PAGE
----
Today’s New York Times provides an interesting bit of context for investment banks woes: losses from July 2007 to present roughly equal the profits earned from the beginning of 2004 through that date.
The story merely alludes to the question of whether the rich bonuses of the boom years were warranted, but broaches another topic that the former Masters of the Universe may not want to consider: the industry is going to experience secular as well as cyclical changes. Drastic falls in employment are normal in the securities industry (peak to trough declines are typically 20%) and bonuses fall even more dramatically (producers who one earned in the $1 to $3 million range in the dotcom era had to make do with a mere $300,000 to $400,000 in the last downturn).
But at a minimum, investment banks are just about certain to be required to keep higher equity levels, and that alone will reduce profits. If credit default swaps do indeed move to exchanges, that eliminates another lucrative revenue source. Additional reforms are may well reduce the attractiveness of other activities.
From the New York Times:
The numbers are staggering. Between early 2004 and mid-2007, a period of unprecedented wealth on Wall Street, seven of the nation’s largest financial companies earned a combined $254 billion in profits.
But since last July, those same banks — Bank of America, Citigroup, JPMorgan Chase, Lehman Brothers, Merrill Lynch, Goldman Sachs and Morgan Stanley — have written down the value of the assets they hold by $107.2 billion, gutting their earnings and share prices. Worldwide, the reckoning totals $380 billion, much of which reflects a plunge in the value of tricky mortgage investments…..
But the finish line just seems to keep moving further away. Even when the losses end, bank executives are looking toward a new era of lower returns, thinner profits and fewer jobs….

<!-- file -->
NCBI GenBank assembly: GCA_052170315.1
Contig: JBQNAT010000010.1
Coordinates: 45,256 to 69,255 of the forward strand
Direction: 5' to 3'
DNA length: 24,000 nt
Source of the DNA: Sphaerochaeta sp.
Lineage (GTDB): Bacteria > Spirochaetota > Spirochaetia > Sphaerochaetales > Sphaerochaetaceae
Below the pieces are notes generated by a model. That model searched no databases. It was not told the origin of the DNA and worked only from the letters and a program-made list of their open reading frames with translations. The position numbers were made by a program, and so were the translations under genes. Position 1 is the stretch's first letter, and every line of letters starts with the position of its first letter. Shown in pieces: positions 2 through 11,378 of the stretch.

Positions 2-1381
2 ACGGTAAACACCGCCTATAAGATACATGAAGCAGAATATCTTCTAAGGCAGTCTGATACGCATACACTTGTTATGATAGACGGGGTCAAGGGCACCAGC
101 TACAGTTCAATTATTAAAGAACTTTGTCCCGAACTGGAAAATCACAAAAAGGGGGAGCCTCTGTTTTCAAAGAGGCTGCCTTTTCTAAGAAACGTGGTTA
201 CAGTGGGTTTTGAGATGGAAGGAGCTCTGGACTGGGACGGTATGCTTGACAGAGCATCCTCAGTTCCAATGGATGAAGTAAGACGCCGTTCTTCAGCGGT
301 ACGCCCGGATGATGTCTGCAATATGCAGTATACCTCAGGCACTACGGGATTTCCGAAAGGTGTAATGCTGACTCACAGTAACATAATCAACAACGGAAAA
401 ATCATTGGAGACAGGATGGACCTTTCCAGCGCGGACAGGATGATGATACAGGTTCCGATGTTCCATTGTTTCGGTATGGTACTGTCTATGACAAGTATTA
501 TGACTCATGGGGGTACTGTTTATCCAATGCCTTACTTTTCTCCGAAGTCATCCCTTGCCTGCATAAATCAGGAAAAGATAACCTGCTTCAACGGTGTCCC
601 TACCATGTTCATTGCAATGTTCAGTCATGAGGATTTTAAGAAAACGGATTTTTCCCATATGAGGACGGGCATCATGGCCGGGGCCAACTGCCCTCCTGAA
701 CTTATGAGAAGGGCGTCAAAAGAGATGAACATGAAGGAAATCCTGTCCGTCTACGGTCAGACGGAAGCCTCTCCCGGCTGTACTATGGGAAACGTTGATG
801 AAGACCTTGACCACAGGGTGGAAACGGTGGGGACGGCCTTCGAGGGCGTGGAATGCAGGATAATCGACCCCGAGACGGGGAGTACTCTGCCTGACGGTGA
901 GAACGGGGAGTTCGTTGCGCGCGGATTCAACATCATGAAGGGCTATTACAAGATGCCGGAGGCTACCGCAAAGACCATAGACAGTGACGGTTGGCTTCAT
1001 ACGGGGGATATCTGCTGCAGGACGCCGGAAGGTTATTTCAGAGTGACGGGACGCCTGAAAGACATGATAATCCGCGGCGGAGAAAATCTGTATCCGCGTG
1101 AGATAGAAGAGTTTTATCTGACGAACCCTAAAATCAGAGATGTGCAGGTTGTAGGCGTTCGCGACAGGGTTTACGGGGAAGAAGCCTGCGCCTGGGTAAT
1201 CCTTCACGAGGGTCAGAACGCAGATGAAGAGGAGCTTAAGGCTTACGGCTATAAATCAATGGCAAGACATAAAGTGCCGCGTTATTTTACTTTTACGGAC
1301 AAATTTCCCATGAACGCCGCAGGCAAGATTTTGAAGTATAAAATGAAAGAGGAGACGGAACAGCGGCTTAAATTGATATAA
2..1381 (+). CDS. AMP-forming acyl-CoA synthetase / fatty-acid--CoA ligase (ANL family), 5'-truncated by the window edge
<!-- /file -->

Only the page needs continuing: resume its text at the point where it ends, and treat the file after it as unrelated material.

“They are going to have to build a new business model,” Richard X. Bove, a financial services analyst at Punk Ziegel, said of investment banks. “I do not believe those businesses have the ability to generate the kind of profit they did in recent years without all the leverage.”…
The latest round of results is likely to draw special scrutiny because Wall Street firms are disclosing capital levels under new international banking standards known as Basel II. And Merrill Lynch, Citigroup and UBS are also expected to suffer from the ratings downgrades recently issued for MBIA and Ambac, two bond reinsurers….
“It’s a fairly unique situation, that you would give so much back,” said Alec Young, global equity strategist for Standard & Poor’s Equity Research. “The industry did enjoy real salad days over that period, but now the write-downs and losses have been so huge. It’s a significant percentage of the money generated.”
Even the winners in this cycle — JPMorgan Chase and Goldman Sachs — have had to pull out giant erasers to work through their loan books. JPMorgan, which had the financial heft to buy Bear Stearns, wiped out 15 percent of recent profits by lowering the values of its loan and mortgage assets. At Goldman, the cost of such write-downs is so far 12 percent of recent profits.
The banks are supposed to be especially good at valuing all the lumps of loans and assets they own. That is why many a Wall Street bonus is based on estimates of hard-to-value dealings in arcane assets. The very mortgage bonds that are now being written down, in fact, led to hefty bonuses for bank employees before the good times ended.
Some analysts predict that independent brokerage houses will merge with commercial banks, if the government begins regulating them. That uncertainty leaves executives at these companies unsure of how to plan for the future, said David Trone, an analyst at Fox-Pitt Kelton Cochran Caronia Waller, who is predicting bank consolidation.
“We’re in a weird limbo now,” Mr. Trone said.